NM Court of Appeals Denies GRIP’s Motion to Stay Copper Rule
FOR IMMEDIATE RELEASE
May 10, 2014
Allyson Siwik, Executive Director
575.538.8078 voice; 575.590.7619 cell
NM Court of Appeals Denies Motion to Stay Copper Rule
Court Ruling Does Not Decide Merits of Copper Rule Case
Silver City, N.M.— In a decision filed on May 7, the New Mexico Court of Appeals denied GRIP’s motion to stay the implementation of the Copper Rule until its appeal of the Rule can be decided. In September 2013, the Water Quality Control Commission adopted the Rule which allows contamination of groundwater beneath copper mine sites in New Mexico. The stay would have prevented the new Rule from being used by the New Mexico Environment Department (NMED) in copper mine permitting decisions while the Copper Rule is under appeal in the NM Court of Appeals.
Douglas Meiklejohn, Executive Director and attorney with the NMELC, stated that the Court’s ruling is just preliminary. “Contrary to the assertions of state officials, the ruling does not determine the merits of the appeal. We requested the Court to delay implementing the rule until it determined whether the rule violated state law. We are confident that the Rule does indeed violate state law, because it permits copper mines to permanently pollute groundwater,” said Meiklejohn.
“It could be a year before a decision is made on our appeal. In the meantime, we are extremely concerned that without the stay of the Copper Rule Freeport-McMoRan will be allowed to contaminate the area’s groundwater, the only source of drinking water for Grant County residents,” stated GRIP Executive Director Allyson Siwik. “Permitting decisions will now be made under the new Copper Rule related to groundwater discharges at the Tyrone and Chino mines. Freeport will be allowed to pollute our groundwater rather than implement measures to prevent pollution at their mine sites. This ruling is a tragedy for the citizens of Grant County who will ultimately have to deal with this contamination when the mines have played out and Freeport is gone.
The Motion to Stay was filed by the Gila Resources Information Project (GRIP), Turner Ranch Properties, L.P., and Amigos Bravos represented by NM Environmental Law Center. In the Motion, the appellants argue that the case raises important legal questions that must be resolved by the Court of Appeals, and that irreparable harm to public water resources is likely if the Copper Rule is implemented. The Rule marks the first time since the state Water Quality Act was adopted that the WQCC has adopted regulations that would allow contamination of groundwater by an industry.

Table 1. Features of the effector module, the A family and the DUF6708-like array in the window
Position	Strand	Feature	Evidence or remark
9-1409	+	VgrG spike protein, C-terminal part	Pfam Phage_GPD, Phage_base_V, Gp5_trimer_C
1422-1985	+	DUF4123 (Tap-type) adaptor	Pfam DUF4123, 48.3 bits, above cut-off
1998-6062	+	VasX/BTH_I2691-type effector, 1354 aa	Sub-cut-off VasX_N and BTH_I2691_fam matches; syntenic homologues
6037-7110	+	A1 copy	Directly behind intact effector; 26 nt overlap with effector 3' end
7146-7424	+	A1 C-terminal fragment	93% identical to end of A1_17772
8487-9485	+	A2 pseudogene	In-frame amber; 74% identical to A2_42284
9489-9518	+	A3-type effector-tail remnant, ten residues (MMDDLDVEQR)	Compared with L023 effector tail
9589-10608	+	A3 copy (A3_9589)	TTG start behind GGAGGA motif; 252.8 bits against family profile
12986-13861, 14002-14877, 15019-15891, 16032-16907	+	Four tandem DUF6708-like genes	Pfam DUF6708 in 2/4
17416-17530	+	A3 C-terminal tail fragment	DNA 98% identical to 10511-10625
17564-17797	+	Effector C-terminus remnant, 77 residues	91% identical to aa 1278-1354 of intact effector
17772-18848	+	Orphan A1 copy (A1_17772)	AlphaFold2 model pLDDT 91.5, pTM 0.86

The Motion was supported by the New Mexico Office of the Attorney General and opposed by the NMED and multinational copper mining corporation Freeport-McMoRan Copper & Gold that worked together to draft and advocate for the Rule. Freeport operates three open-pit copper mines in Grant County.
• In 2009, the New Mexico Legislature mandated the Water Quality Control Commission to specify water discharge regulations for the dairy and copper mining industries that would prevent water pollution and protect water quality.
• In 2012, the NMED put together an advisory committee that included members from the copper mining company Freeport-McMoRan, environmental groups and technical experts to craft the new copper rule to present to the WQCC. The advisory committee met for eight months and in mid-August a draft rule was sent to NMED.
• At Freeport’s request, the NMED’s upper management overruled the recommendations of the advisory committee, including those recommendations of its own technical staff, and incorporated language that would allow Freeport (and other copper mine operators) to routinely pollute groundwater with acid rock drainage, metals and other contaminants in the course of its mining operations.
• In April 2013, the NMED presented its draft water quality rules for copper mines before the WQCC. The NMELC and its clients opposed the rules on grounds that they are illegal under the Water Quality Act. NMED’s own technical staff involved in the copper rules development process did not attend the hearing to support the draft rules.
• The WQCC voted 9 – 1 in September 2013 to approve the draft copper rules with little deliberation. In making its decision, the commission adopted, with one small non-substantive change, the Proposed Statement of Reasons submitted by NMED with substantial help from Freeport-McMoRan.
• The NMELC and its clients filed an appeal against the adopted Copper Rule in October 2013.
• The NMELC and its clients filed in October 2013 a motion to stay the adopted Copper Rule until the Copper Rule appeal is decided.
• The WQCC denied NMELC and clients’ motion to stay the copper rule in January 2014. NMELC and its clients filed with the NM Court of Appeals in February 2014 a motion to stay the adopted Copper Rule until the appeal is decided.